Facility received award for best patient satisfaction
CarolinaEast Medical Center provides not only medical assistance for physical problems, but also for mental health issues.
Crossroads has been in existence for 28 years, providing residents in the region with an adult mental health unit that has an intensive in-patient component, as well as a partial hospitalization program for people who don’t need to stay overnight, and an intensive out-patient program.
Crossroads has a track record of success, the latest being named the Horizon Management winner for best patient satisfaction. Horizon manages 90 mental health units across the nation.
Ron England, Crossroads director, oversees a 48-person staff, consisting of employees from Horizon, the contract manager, along with hospital nursing and tech staff. The therapy and director jobs are Horizon, based in Texas.
“It has actually been a somewhat hidden secret in the community,” he said of Crossroads.
England said the goal of Crossroads is to stabilize a crisis, not perform long-term treatment. The work includes referrals to a community agency where the extended treatment is available.
One of the Crossroads programs is intensive in-patient care, where people come to for crisis stabilization, and once they are stabilized they return to the community to continue doing the work that will be able to help them stay emotionally healthy. The average length of stay is three-to-five days, with some isolated cases as much as several months to stabilize.
There is a combination of ways people enter that program — about 46 percent are involuntary commitments, which involves a magistrate.
“It can be the police identify the individual as in distress, or it can come from a family member, or the individual can come into the emergency department or from another community provider, where someone has identified that they are not safe,” England said.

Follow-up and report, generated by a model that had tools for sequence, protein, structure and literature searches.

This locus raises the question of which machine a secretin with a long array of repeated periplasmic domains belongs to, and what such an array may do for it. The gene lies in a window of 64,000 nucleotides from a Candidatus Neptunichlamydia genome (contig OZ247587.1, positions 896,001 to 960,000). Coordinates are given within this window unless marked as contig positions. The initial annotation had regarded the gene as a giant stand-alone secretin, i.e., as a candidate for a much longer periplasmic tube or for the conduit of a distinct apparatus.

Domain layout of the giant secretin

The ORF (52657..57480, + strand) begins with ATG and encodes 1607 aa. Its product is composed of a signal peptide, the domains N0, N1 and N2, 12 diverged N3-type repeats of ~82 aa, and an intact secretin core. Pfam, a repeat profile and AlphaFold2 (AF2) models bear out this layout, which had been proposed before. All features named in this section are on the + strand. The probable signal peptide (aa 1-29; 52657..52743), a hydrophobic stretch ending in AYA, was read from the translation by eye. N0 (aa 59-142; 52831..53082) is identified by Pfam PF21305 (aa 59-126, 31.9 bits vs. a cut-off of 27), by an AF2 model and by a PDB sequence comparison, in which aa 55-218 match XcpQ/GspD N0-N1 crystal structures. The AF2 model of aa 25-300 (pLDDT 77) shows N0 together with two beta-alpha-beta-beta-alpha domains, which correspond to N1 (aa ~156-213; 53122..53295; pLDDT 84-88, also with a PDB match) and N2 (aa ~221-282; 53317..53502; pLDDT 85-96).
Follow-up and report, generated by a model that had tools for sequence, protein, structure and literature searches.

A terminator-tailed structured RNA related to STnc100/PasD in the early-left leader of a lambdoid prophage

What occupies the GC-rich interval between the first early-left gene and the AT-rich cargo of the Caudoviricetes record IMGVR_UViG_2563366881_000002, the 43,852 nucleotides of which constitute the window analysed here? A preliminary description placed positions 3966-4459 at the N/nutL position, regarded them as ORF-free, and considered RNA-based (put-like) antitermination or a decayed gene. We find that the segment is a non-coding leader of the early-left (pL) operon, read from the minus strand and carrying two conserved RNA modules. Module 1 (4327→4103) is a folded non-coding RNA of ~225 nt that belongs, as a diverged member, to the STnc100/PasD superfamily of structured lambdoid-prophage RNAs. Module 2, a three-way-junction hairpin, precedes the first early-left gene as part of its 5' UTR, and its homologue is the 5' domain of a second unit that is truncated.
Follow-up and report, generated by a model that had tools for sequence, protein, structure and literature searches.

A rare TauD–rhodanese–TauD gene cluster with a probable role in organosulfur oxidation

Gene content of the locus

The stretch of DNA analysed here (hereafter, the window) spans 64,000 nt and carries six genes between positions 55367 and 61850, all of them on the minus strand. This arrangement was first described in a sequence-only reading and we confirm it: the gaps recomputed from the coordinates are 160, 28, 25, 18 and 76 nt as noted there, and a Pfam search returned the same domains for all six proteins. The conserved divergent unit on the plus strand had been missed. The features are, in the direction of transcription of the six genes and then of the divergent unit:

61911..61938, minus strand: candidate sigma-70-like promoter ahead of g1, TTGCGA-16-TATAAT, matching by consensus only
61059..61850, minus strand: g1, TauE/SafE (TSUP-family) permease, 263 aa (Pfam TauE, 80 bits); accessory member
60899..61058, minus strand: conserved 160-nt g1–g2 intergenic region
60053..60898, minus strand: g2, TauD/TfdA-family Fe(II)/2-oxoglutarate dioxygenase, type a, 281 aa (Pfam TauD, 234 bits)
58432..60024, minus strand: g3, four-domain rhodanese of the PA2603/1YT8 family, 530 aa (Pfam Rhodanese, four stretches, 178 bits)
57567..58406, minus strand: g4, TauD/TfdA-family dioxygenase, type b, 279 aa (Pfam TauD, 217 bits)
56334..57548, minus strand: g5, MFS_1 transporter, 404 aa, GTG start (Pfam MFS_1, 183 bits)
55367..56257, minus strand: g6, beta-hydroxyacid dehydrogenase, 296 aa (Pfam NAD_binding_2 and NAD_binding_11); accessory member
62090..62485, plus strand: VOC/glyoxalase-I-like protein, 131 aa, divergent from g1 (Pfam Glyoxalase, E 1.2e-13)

That can include thoughts of harming themselves or others or they are experiencing hallucinations or delusions and perhaps hearing voices.
By-products of the mental problems often include alcohol and substance abuse, although England said that Crossroads is predominantly involved in physiatrists.
The majority of individuals who go through Crossroads programs are having mood disorders, frequently suicidal thoughts, along with manic-depressive illnesses and schizophrenia.
Those issues within the brain of the patient can include “seeing things, hearing things and delusions that people are after them.”
England said that in some cases, people with manic-depressive or bi-polar issues often shun the thoughts of taking medications to stabilize the chemical imbalance in their brain.
“At times when they are manic, they are experiencing no need for sleep and everything that they are doing is the most amazing thing that has ever been done,” he said. “The thoughts of taking medication every day is not the most wonderful day, I am not going to have any more energy than anyone else.”
When they stop medication, they often feel everything is wonderful — for a time.
“There is fear there that it will control them, change who they are,” England said.
“In fact, the purpose of medication is not to numb them out. It is to make them the best person they can be and be able to use all of their resources, all of their assets — to think the most clearly and make the best decisions.”
The problems can mount when individuals make bad decisions, resulting in financial and emotional consequences.
One of the challenges with a condition such as schizophrenia is that it’s an illness that tells the person they do not have an illness.
For friends of anyone who has a mood disorder, England has advice, since friends have no legal recourse in helping.
“The first and foremost thing is continue being their friend and listening to them,” England said. “There will be the opportunity in all likelihood that because you are willing to listen, you can say ‘I am really worried about you. Are you willing to see someone? We can find someone.’ It is just those first steps of listening.”